By Natasha Lettsome [GIS]
The Virgin Islands is on the verge of claiming the eradication of mother to child transmission of HIV with no reported cases within the last four years.
An evaluating team from the Pan American Health Organisation (PAHO) and the World Health Organisation (WHO) will visit the Territory July 7 to 8 to commence an evaluation to confirm the possibility.
Chief Nursing Officer and Family Health Coordinator, Ms. Jascinth Hannibal said the evaluation will be done through visits to healthcare organisations, discussions with providers and users and examination of processes and procedures.
Ms. Hannibal stated. “The elimination initiative aspires to have generations free of HIV and Syphilis and aims to reduce the incidence of transmission to 0.3 cases per 1000 live births, and the reduction of congenital syphilis to 0.5 cases per 1000 live births or less.”
Ms. Hannibal said access to professional birth attendants, increased coverage of routine HIV and syphilis screening, and increased access to HIV prophylaxis and syphilis treatment all help to reduce the incidence of transmission.
The Chief Nursing Officer stated that the Caribbean has been a pioneer in the elimination of measles and polio, and was the first region along with Latin America to embrace the target of elimination of mother-to-child transmission of HIV and syphilis as public health problems.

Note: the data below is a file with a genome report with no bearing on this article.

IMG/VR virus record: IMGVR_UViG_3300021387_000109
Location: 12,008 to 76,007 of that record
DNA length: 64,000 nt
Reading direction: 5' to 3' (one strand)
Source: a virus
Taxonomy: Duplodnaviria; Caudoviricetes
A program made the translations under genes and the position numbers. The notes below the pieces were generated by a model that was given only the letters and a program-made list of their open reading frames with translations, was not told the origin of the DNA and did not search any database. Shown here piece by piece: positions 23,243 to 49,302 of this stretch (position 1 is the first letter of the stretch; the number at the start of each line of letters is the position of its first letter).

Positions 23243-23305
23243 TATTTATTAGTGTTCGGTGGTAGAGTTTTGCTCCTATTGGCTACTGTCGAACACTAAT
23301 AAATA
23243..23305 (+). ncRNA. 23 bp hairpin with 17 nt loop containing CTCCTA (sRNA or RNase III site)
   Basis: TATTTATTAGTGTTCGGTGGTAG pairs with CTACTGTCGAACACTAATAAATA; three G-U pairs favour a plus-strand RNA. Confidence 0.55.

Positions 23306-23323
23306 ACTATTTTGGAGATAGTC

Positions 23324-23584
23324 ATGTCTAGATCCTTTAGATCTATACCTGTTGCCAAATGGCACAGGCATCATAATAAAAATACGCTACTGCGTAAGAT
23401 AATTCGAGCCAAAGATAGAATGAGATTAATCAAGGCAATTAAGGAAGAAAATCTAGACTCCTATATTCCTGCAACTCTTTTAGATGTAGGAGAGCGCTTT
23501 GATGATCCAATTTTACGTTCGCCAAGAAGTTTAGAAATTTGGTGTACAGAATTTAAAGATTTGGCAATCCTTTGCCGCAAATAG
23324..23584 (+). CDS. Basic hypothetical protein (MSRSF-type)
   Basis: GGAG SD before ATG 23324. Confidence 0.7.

She added, “Cuba was the first country in the world to eliminate Vertical Transmission of HIV and we are optimistic that the Virgin Islands will also be validated.”
The HIV, the virus that causes AIDS can be transmitted from mother to baby if specific actions are not undertaken to prevent the transmission.
These actions include, early identification that mother is HIV positive, early access to medication to treat the mother, preventative procedures at birth and early treatment of the infant including exclusive bottle feeding.
The BVI continues to have a relatively low incidence of HIV with 7 cases identified in 2015 and three this year.
Residents are encouraged to know their status, get tested and access treatment early in order to have a better quality of life. Persons are also urged to employ safe sexual practices which include having one partner, the consistent and correct use of condoms and abstaining from risky situations such as alcohol and drug use that impairs judgment.
Testing is conducted at the Family Health Unit and the HIV Foundation offices free of cost.
The Family Health Unit is committed to the development of family health programmes in the Virgin Islands using the life cycle approach.